Final Report on Commercial Relations Between the Large Retail Groups and their Suppliers

The aim of this market study is to give as detailed picture of the food supply chain in Portugal, particularly regarding the commercial relations between the so-called Large Retailing Groups (LRGs) and their suppliers of food products.
The commercial relations between the so-called Large Retail Groups (LRGs) and their suppliers have been the subject of debate in Portugal for a number of years now, as they have been in many countries across Europe. The issue has surfaced again recently with many factors coming together, namely: the growth of LRGs; the imbalance in bargaining power, with suppliers on the downside; the reform of the Common Agricultural Policy (CAP); and the volatility of prices for certain foodstuff on
international markets.
 
It was against this backdrop that the Portuguese Competition Authority (AdC) decided to undertake this market study. The aim of this market study is to give as detailed picture of the food supply chain in Portugal, particularly regarding the commercial relations between the so-called Large Retailing Groups (LRGs) and their suppliers of food products.
 
The report analyses the behaviour of the nine LRGs operating in Portugal, covering a representative sample of what are generally referred to as “fast moving consumer goods” (FMCG). This includes dairy products (UHT milk, yoghurts, cheese and butter), rice, pastas, flour, breakfast cereals, biscuits, vegetable oils (seed-oils, olive oil and margarine), fruit and vegetables, and soft drinks, coffee and substitutes.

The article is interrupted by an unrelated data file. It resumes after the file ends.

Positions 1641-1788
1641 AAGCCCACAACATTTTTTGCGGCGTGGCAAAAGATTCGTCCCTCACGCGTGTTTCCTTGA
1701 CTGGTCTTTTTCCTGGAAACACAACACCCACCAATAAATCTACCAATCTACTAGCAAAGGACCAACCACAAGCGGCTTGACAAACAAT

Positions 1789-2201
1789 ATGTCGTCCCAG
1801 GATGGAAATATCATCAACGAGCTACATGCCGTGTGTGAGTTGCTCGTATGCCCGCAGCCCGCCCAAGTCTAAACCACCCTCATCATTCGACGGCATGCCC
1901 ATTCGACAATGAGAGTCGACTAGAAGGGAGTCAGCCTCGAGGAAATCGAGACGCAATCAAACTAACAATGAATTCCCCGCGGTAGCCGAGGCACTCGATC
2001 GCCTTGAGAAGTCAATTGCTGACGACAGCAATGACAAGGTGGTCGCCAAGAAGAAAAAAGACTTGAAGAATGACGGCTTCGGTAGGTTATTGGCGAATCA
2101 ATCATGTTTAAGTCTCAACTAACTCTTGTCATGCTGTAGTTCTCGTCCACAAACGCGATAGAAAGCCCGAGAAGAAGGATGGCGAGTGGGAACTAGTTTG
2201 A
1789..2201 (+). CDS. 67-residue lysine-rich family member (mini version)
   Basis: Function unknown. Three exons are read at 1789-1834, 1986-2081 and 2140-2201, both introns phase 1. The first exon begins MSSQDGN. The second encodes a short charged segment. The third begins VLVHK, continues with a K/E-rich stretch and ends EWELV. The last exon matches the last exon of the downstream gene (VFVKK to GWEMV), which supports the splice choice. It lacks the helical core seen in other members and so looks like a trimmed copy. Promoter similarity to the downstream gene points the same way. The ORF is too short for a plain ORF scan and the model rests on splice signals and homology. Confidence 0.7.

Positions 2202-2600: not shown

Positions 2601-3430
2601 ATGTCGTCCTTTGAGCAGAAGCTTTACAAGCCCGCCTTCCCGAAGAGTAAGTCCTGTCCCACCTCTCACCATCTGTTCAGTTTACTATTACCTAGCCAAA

On the basis of the market study carried out, and the legal framework, both domestic and European, the AdC believes that it would be helpful to put forward a raft of recommendations geared to promoting a culture of competition, which will contribute to a more balanced and transparent bargaining power and an effective proactive position taken by the authorities that have jurisdiction in the matter.
 
All the recommendations should be duly framed within the scope of the discussion on the food supply chain issues which have been taking place in the European Union, specifically within the context of the work undertaken by the European Council, the European Commission and the
European Parliament.
 
The recommendations cover a range of topics, specifically: (i) Promotion of a culture of competition through self-regulation based on a code of conduct acceptable to all parties; (ii) An analysis of the opportunity to draw up regulations on debatable trade practices that do not fall within the existing competition legislation or the legal framework covering restrictive practices, and where there is no possibility of agreement through self-regulation; (iii) Reinforcement of the collection, treatment and dissemination of statistical data for prices and quantities along the food supply chain.
 
Some additional recommendations are as follows: Placing a greater emphasis on supervising compliance with legislation covering restrictive trade practices; Taking measures that encourage the creation of small/medium-sized commercial units in local markets; Have na independet consultant carry out an analysis on the impact on consumer welfare of “look alike” and “copycat” products; Giving priority to transposing to domestic legislation the next directive from the European Commission and the European Parliament on payment terms for commercial transactions; and promoting a proactive participation by the competent Portuguese authorities on the work undertaken by European institutions that deal with issues related to the food supply chain and the large retail sector.